The “southern strategy,” implemented by Barry Goldwater, Richard Nixon, and most effectively by Ronald Reagan, was an election strategy based on exploiting racist attitudes in the southern states, but its momentum nevertheless helped to transform the South more generally. The South came to no longer feel any particular obligation to the Democratic Party as a legacy of the Civil War era. Since the so-called “Bible belt” runs across the South, a great many Christians were included among those who had broken a habit of supporting the Democratic Party. President Reagan then bolstered the attractiveness of his party among Christians with his strong opposition to abortion and his eloquent expressions of lamenting the widely perceived decline of “traditional values.”

Another Christian tradition that aligns well with Republican ideology is that of individual responsibility and, thus, individual liberty and prosperity. The roots of this tradition are found in Protestantism, particularly its Calvinistic branch. Historians have argued that the cultural value of individualism and personal achievement have been instrumental benefits in enabling prosperity among the northern Protestant nations of Europe, and of North America.

There are other cultural and psychological factors that help to explain why so many Christians feel an allegiance to the Republican Party and its conservative ideology. Many are consistent with traditional Christian moral values. But any analysis of Republican ideology and its alignment with Christian principles must include a discussion of a pervasive worldview among today’s Republicans—a worldview that largely underpins the party’s political philosophy and virtually all of its policy positions, whether domestic social policy, economic policy, immigration policy or foreign policy—a worldview that, I will argue, is undeniably at odds with the views of Jesus, as reported in the Gospels.

Congressman Paul Ryan of Wisconsin has been described by many, in recent years, as the intellectual leader of the Republican Party. As chairman of the House budget committee, his budgets (always adopted by the Republican majority) established him as the ideological leader of the party as well. His budgets have reflected his ideological worldview—a worldview he has said was primarily shaped by economists Milton Friedman and Friedrich Hayek and more particularly by novelist Ayn Rand. Though he denied it when vying for a chance to be Mitt Romney’s running mate, an audio recording of Congressman Ryan at a gathering of The Atlas Society confirmed what he had said many times before: “I grew up reading Ayn Rand and it taught me quite a bit about who I am and what my value systems are, and what my beliefs are.” Rand’s books are required reading for Ryan’s staff and interns. (Rand’s books are popular among a number of other Republican office holders as well as with conservative radio personalities too.) It is Rand’s view of economics that most interests Congressman Ryan, but her economic philosophy cannot logically be separated from her broader view of humanity.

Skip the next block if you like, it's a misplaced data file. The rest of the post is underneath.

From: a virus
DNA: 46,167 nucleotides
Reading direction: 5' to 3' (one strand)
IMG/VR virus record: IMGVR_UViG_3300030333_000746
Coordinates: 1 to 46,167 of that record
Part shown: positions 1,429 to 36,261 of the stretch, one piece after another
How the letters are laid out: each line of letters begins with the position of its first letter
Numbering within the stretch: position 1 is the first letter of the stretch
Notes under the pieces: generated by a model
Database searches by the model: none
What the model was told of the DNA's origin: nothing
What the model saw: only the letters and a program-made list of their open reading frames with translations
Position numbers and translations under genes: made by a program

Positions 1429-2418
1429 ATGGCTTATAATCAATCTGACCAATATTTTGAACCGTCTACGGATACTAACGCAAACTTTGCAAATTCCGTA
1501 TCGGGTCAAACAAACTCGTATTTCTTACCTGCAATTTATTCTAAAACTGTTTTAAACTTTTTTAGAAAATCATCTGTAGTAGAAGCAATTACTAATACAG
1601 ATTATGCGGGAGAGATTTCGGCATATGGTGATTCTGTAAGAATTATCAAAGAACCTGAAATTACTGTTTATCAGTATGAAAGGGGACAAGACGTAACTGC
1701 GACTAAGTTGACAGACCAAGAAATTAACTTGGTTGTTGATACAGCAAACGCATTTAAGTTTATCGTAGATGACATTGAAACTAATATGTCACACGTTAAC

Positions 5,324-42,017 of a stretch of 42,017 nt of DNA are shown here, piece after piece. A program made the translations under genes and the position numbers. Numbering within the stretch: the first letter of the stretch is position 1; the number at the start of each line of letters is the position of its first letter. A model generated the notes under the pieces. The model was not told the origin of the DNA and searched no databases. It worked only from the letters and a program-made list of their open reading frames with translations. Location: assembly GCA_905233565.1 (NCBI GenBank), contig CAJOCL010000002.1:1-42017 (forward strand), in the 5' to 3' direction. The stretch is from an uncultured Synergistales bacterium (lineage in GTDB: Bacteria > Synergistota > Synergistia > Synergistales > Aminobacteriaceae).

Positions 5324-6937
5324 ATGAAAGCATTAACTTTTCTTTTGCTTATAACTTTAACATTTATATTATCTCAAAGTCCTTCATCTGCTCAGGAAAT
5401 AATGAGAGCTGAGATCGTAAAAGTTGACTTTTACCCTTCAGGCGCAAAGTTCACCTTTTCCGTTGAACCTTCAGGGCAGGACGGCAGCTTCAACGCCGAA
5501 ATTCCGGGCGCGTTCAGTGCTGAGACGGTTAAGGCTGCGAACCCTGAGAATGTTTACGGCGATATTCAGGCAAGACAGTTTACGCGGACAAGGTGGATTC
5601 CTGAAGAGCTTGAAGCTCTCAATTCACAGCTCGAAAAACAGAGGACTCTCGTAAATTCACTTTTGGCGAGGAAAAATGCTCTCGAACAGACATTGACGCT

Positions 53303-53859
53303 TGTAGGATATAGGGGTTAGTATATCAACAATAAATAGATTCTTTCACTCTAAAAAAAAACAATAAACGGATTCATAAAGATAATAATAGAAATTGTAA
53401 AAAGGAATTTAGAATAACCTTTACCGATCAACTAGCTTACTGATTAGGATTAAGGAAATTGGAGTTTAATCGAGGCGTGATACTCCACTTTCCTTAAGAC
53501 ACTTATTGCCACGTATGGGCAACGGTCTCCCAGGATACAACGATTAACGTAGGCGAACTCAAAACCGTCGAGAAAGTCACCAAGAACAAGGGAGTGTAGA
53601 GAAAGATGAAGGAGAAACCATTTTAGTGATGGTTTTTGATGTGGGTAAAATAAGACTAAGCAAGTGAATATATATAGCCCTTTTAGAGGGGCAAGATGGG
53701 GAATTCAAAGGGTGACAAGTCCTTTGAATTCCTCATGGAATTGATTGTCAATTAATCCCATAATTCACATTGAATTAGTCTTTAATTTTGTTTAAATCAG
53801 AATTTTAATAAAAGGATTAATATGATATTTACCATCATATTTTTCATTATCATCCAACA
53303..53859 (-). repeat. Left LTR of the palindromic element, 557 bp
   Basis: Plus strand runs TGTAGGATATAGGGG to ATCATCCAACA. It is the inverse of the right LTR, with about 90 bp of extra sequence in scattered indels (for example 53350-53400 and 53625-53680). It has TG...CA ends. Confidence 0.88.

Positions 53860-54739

Rand was an outspoken atheist who described Arabs and Native Americans as “savages,” and expressed her view that, as such, the latter should have no rights. She objected to any government programs to help the poor. She was particularly repulsed by programs for educating disabled, or as she put it, “subnormal,” children. She famously told Mike Wallace in a 1959 interview that she believed altruism to be evil, while selfishness a virtue, as it is the necessary driving force of capitalism. Fundamentally, Ayn Rand saw humanity as consisting of virtuous self-reliant people and inferior and/or slothful people. Her social and economic philosophies presumed a struggle between “producers” and “moochers.”

Of course this worldview didn’t enter the Republican Party with Paul Ryan. As part of his “southern strategy” Ronald Reagan repeatedly spoke of “welfare queens” who drink martinis and drive Cadillacs while receiving welfare checks. There had been an infamous case of welfare fraud in the news that roughly fit that characterization. But as politicians usually do, Reagan used it to paint a broader picture in propagating the notion that taxes are high because too many undeserving moochers are suckling from government teats.

More recently, Mitt Romney expressed a similar view—a view that voters will act exclusively in their own immediate personal interest—when he suggested that 47 percent of the American electorate direct their votes toward simply gaining more benefits for themselves from government coffers. Of course Romney wasn’t completely wrong. Most Americans do tend to put personal interests ahead of the national interest in choosing their preferred candidates. But that is true of all sides of the political spectrum. Consequently candidates always promise government benefits, tax cuts, or both, believing it will help them get elected. This ongoing problem is a symptom of a failure of effective and constructive leadership. It is regrettable that Romney could evidently see only one side of that equation.